The president of the Business Council of Australia, Tony Shepherd, yesterday told an audience that the Gillard government should not pursue a budget surplus "at any cost"."You shouldn't strive to achieve a surplus by putting into place policies which in fact hamper the productivity and competitiveness of Australian business," the lobby group's chief executive added. Page 19.-- The incoming chief executive of QBE Insurance, John Neal, who replaces Frank O'Halloran after 14 years in the position, told shareholders yesterday at the insurer's annual general meeting that the company would continue to target acquisitions around the world as its main strategy for growth."Our focus has always been on getting the right bottom-line performance and that will remain the case going forward," Mr Neal said. Page 19.-- Catherine Tanna, the leader of the largest coal-seam gas venture in Australia, has been replaced by Derek Fisher, the Asian head of global gas producer BG Group. BG yesterday announced that Ms Tanna, who is also a member of the Reserve Bank of Australia's board, would leave her current role as managing director to become the chairwoman of BG Australia. She will be mainly responsible for overseeing the group's public image with the various levels of government and the broader industry. Page 19.

-- THE SYDNEY MORNING HERALD (this site)Phil Chronican, chief executive of Australia and New Zealand Banking Group, yesterday commented that it was seen as "excessive" for executives to earn millions of dollars even though "we seem happy and proud to see Australian sports stars and entertainers earn large sums". His remarks come after the bank announced in February that it had made A$1.48 billion in audited profits for the three months to December last year, the same month that it announced a six basis points out-of-cycle rise in mortgage rates. Page B1.-- Official trade figures released yesterday have revealed a 19 percent slump in income from coal exports and a 10 percent drop in revenue from minerals and metal ores exports for the first quarter of the year."The commodity price cycle peaked in the third quarter of the last year  with global growth expected to be below trend and more commodity supply likely to come on stream over the next year or two, it appears likely Australia's terms of trade peaked in the third quarter as well," Paul Bloxham, chief economist at diversified bank HSBC, said. Page B1.-- The Housing Industry Association yesterday announced in its quarterly National Outlook for Residential Building report that housing starts will drop below levels seen in the 2008 global financial crisis should the current trend go unchecked.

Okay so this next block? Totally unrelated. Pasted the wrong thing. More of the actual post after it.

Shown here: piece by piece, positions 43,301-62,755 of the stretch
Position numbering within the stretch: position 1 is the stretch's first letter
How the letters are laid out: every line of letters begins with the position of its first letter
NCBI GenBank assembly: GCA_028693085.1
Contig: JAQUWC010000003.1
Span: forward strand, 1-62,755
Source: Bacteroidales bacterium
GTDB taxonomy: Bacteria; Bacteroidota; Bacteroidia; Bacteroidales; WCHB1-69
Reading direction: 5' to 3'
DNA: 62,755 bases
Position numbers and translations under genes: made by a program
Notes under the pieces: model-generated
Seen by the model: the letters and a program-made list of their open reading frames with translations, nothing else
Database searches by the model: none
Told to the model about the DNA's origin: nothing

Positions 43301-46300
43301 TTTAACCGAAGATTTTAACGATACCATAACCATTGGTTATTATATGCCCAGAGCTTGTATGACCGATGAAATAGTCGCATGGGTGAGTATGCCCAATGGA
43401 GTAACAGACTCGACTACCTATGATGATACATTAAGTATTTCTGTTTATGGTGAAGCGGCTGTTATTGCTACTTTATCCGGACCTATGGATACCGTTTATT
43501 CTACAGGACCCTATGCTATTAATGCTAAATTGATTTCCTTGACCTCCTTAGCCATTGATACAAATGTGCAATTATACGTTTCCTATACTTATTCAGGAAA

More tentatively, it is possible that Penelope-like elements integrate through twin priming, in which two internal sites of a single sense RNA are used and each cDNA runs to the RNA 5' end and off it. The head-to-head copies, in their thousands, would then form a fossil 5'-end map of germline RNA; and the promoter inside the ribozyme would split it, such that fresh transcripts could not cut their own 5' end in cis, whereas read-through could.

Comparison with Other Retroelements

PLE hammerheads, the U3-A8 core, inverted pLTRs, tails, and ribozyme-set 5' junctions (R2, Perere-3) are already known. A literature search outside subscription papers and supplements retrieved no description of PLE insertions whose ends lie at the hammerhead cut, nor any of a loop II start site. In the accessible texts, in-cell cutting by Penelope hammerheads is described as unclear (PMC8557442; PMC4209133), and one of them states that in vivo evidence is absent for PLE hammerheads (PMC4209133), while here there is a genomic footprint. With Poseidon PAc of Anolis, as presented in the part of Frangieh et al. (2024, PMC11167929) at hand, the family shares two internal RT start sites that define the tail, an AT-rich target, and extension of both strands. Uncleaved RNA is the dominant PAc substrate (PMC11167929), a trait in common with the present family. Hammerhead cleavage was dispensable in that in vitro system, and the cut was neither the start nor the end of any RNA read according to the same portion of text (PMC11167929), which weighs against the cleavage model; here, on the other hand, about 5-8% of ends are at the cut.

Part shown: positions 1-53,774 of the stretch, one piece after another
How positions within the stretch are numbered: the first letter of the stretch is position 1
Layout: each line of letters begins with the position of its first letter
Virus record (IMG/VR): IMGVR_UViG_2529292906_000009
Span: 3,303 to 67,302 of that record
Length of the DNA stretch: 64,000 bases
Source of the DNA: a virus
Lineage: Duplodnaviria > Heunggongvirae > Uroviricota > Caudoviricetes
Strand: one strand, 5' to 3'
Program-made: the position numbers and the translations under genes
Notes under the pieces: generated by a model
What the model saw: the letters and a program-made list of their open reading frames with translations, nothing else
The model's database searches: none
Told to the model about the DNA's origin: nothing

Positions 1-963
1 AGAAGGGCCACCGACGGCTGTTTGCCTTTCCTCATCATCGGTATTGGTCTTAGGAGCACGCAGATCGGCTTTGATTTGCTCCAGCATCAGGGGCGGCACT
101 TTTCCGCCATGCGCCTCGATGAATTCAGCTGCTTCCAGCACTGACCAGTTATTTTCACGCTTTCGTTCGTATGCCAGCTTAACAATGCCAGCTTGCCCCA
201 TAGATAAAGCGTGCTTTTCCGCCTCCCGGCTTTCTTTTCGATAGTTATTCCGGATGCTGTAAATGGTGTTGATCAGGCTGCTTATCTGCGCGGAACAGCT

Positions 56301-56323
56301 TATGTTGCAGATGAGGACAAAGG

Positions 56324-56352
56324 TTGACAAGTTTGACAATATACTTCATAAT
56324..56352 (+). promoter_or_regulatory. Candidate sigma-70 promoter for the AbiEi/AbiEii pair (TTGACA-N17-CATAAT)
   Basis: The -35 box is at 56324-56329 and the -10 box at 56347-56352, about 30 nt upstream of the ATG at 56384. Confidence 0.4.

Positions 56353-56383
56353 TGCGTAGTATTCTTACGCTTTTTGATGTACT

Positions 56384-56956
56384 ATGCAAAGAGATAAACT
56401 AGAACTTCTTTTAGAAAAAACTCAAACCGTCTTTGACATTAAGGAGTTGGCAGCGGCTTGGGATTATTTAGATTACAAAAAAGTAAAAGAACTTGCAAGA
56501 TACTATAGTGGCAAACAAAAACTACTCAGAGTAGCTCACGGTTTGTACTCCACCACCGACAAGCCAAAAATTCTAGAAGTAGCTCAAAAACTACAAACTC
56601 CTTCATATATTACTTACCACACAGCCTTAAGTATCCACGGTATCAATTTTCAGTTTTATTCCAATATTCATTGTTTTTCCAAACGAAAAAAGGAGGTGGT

Housing starts are tipped to fall to 137,820, or 12.4 percent, this financial year, after shrinking by 5.6 percent the year before. "We have been warning of an outcome of this magnitude for over 12 months," the association said. Page B3.-- According to a special purpose financial report lodged with the Australian Securities and Investments Commission, Vodafone Hutchison Australia posted a A$445 million loss last year. Many journalists reported that the mobile network operator posted a A$350 million loss in 2011 after half-owner Hutchison Telecommunications Australia revealed in February that it had booked a A$175 million loss on the joint venture. The document also revealed that one or both of the joint venture's parent companies injected A$300 million into the business. Page B3.-- THE AGE (this site)Shares in Rio Tinto -controlled miner Ivanhoe Mines have plummeted after the company released a 513-page technical report into its parent's Oyu Tolgoi gold and copper venture in Mongolia. The Canadian firm said the US$6.2 billion project could be struck with higher processing and mining costs, while the grade of the ore mined could also be lower than expected. The global miner refused to comment on the report last night, leading some to question if further tensions have opened between the two companies. Page B4.-- Whitehaven Coal yesterday lowered its production forecasts for this financial year, citing the closing of chemicals and explosives manufacturer Orica's factory in Newcastle, New South Wales and inclement weather during February for the downgrade. The coal producer made the announcement less than a fortnight before shareholders vote on whether to approve a A$5.1 billion merger with fellow miner Aston Resources. Page B4.-- The Australian Competition and Consumer Commission has suspended its clearance process for AGL Energy's attempt to increase its stake in the Loy Yang brown coal power station until it receives more information about the transaction, the energy retailer said yesterday. AGL currently controls 32.54 percent of the power generator and is seeking to acquire the remaining 67.5 percent from Tokyo Electric Power Company, which is strapped for cash following last year's catastrophe at the Fukushima nuclear power plant. Page B4.-- A A$554 million takeover of Flinders Mines has been stalled after a minority shareholder in Russian steel manufacturer Magnitogorsk, the iron ore junior's suitor, successfully won a legal injunction against the bid on the grounds that it could adversely impact the latter's operations and bottom line. Elena Egorova owns less than 0.001 percent of Magnitogorsk, but her actions resulted in a selling frenzy of Flinders' stock, which closed almost 20 percent down at the end of trade yesterday at A24.5 cents. Page B4.--